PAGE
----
Air France-KLM posts profit, repays government support 

Mathieu Marquer

On February 17 the Air France-KLM Group presented its consolidated 2022 full year results, which showed a combined revenue of €26.4B and a net income of €0.7B. 

Capacity is back to 85% of that of 2019, the last pre-COVID year, and load factor is at 84%. 

Altogether, the airlines of the Air France-KLM group, also including the low-cost carrier Transavia, carried more than 83 million passengers last year. This is almost double the total for the previous year, when the impact of the COVID pandemic was still being felt. 

In terms of operating margins, Air France-KLM is now in even a better position than it was in 2019 (4.5% vs. 4.2%), with a total group operating profit of €1.2B. 

Partly this was due to cost reductions, with the group’s unit costs per ASK going down (-4.5%). When presenting its outlook for the future, Air France-KLM vowed to continue reducing costs and bring the operating margin to 7-8% over the medium term.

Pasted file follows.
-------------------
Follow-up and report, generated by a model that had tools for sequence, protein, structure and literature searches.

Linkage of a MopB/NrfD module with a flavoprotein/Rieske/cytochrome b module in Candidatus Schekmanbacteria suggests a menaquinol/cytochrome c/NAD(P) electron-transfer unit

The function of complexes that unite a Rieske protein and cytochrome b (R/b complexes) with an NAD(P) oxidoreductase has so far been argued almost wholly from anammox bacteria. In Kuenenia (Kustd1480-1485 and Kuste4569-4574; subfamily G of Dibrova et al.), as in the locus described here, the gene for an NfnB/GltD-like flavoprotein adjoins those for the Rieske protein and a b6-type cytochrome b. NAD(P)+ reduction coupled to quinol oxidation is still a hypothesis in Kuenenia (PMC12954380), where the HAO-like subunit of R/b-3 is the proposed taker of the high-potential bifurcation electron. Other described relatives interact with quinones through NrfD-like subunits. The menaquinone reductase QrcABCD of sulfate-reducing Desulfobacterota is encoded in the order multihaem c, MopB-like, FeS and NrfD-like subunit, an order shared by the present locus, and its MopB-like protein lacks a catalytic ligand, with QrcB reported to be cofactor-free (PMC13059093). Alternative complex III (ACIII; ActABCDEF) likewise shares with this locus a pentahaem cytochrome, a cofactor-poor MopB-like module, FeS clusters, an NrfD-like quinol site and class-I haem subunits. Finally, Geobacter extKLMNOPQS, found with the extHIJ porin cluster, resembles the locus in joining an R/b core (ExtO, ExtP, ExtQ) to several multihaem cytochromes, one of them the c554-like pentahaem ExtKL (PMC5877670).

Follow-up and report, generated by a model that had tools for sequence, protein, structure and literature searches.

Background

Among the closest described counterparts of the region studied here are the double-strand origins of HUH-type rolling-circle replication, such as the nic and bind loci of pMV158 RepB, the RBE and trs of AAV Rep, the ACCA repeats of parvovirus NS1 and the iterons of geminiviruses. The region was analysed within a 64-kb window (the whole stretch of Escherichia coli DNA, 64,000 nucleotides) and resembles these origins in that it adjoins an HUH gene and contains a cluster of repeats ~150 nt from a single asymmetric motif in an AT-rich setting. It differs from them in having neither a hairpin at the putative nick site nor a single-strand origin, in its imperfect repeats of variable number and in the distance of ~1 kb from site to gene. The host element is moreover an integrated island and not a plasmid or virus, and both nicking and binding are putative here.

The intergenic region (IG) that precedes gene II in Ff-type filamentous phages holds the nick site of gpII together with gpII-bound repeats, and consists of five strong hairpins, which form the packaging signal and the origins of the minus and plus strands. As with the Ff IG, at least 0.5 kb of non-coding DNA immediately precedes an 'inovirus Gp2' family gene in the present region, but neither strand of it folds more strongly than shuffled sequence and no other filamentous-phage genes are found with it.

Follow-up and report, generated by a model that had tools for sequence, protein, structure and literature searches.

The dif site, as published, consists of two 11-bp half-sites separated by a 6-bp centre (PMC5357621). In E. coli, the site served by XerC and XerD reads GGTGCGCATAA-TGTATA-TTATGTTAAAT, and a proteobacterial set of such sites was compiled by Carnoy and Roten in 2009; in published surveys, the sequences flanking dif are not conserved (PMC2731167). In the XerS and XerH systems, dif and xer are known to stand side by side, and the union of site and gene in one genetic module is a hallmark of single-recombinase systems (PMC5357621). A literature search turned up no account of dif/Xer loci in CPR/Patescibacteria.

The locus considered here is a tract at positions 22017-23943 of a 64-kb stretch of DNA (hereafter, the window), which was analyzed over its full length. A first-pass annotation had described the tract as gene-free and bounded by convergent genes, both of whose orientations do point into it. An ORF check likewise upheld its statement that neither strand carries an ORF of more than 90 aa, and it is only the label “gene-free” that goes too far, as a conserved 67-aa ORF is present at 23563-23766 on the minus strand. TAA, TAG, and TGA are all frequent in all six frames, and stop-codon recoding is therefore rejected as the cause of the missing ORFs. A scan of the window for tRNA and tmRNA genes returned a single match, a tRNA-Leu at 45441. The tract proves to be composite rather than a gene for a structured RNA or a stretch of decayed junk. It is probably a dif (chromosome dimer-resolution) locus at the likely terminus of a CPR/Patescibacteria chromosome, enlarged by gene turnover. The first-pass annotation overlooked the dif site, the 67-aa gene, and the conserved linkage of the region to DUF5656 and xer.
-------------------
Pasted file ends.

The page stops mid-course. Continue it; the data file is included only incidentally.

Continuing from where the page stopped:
According to Mr. Benjamin Smith, Air France-KLM Group CEO: “We close out the year with a positive net income, having turned the page on COVID, and look to the future with confidence in our ability to address the challenges ahead.” 

He also mentioned the importance of the strategic commercial partnership with the CMA CGM Group, particularly in strengthening its cargo operations. This logistics and cargo operator is now the largest private shareholder of the Air France-KLM Group. 

The airline group has continued to repay the financial support it received from the French state, with only €2.5B outstanding at the end of 2022, which it expects to clear in full by March 2023 through funds raised via sustainability-linked bonds and cash at hand. 

Another €1.2B, which was granted under EU State Aid Covid Temporary Framework, will also be repaid between March and April 2023. Air France-KLM is issuing various financial instruments for this purpose. 

The annual report also mentions the company’s decarbonization efforts, both through investment in SAF and fleet renewal. Over the course of the year, the fleet saw a net reduction in the number of medium-haul and regional aircraft, while the number of long-haul aircraft increased. 

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